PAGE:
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HISTORY OF ST. WILFRID

Wilfrid (634-709) is one of the greatest and also one of the most controversial English Saints. Born to a wealthy family in Northumberland, Wilfrid was second generation Christian. He had an interest in the things of God from a young age and went to study in Lindisfarne, a centre of Celtic Christianity, under St Aidan.

Intent on continuing his education, Wilfrid set out to travel to Rome, but was beguiled by the high lifestyle of the Archbishop of Lyon and stayed for quite a while living the high-life. Eventually he arrived in Rome about 654, when he was about 20. He stayed for a short while, but returned to Lyon where he continued his education under the patronage of the Archbishop.

At the age of about 27, Wilfrid designed a magnificent new abbey at Ripon in Yorkshire with fine stonework using skilled men he had brought from France. He directly influenced the move away from Celtic to the more orderly Roman church practices and is best known for championing and winning the case for the Roman,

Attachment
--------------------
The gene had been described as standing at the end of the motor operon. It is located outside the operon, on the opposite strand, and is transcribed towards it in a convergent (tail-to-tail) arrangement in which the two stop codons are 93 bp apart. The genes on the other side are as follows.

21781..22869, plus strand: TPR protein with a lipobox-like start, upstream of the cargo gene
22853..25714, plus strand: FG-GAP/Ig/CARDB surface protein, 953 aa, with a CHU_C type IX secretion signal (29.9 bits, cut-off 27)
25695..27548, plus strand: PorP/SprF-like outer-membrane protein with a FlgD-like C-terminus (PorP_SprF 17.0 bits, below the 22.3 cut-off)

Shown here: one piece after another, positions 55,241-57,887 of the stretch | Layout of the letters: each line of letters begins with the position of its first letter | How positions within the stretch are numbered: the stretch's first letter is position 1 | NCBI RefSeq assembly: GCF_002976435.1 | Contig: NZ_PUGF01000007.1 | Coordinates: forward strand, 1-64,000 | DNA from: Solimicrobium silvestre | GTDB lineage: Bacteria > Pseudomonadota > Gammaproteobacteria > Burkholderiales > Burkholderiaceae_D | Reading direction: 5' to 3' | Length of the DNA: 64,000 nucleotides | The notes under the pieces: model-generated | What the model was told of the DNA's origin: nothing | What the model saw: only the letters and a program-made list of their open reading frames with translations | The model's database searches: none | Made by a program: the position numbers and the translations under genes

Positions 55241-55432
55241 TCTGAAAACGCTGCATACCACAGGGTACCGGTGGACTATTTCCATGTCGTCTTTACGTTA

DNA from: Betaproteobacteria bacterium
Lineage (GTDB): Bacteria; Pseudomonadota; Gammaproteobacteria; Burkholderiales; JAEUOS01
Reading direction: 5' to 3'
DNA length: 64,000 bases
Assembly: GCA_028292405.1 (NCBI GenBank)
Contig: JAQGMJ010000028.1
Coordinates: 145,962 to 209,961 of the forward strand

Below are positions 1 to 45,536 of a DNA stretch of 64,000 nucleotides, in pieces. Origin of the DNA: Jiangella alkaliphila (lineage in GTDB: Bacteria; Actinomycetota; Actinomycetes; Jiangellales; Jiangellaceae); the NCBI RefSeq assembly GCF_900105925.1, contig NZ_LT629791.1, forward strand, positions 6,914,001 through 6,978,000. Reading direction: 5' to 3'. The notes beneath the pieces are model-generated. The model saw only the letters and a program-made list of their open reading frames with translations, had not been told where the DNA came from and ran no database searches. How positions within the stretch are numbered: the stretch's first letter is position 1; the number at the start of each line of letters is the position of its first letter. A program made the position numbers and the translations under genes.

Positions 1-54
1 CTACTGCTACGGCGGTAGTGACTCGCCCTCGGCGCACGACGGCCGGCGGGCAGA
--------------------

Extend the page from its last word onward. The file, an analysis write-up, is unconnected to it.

as opposed to the Celtic method of calculating the date of Easter at the famous Synod of Whitby in 664.

He became Bishop of York with a See covering the whole of Northumbria. During this time, he built magnificent stone churches at Ripon and Hexham, acquired vast landholdings and established monasteries in Northumbria, Mercia, Sussex and the Isle of Wight and converted Sussex, the last vestige of paganism, to
Christianity.

He was the confidant of kings and queens but, made many powerful enemies and was twice banished from Northumbria. He made three journeys on foot and horseback through Europe to Rome and was not afraid to seek papal jurisdiction over both crown and church when he felt badly treated. His life was threatened many times: being shipwrecked and nearly killed by natives off the coast of Sussex, imprisoned in Northumbria by the king and twice nearly murdered whilst travelling abroad.

The few remaining years of his life were spent in comparative retirement, principally at Hexham and Ripon. His last public act was the consecration of Evesham Abbey; he died on his way home at his monastery at Oundle in the year 709, and was buried at Ripon.

Wilfrid was one of the most versatile and accomplished men of his own or any other age. He was a great builder, a lover of learning, and a musician; he knew how to create splendid effects through art and through religious ceremonial. He was also a founder and a builder of people as well as stones. He was, in fact, a great creative artist.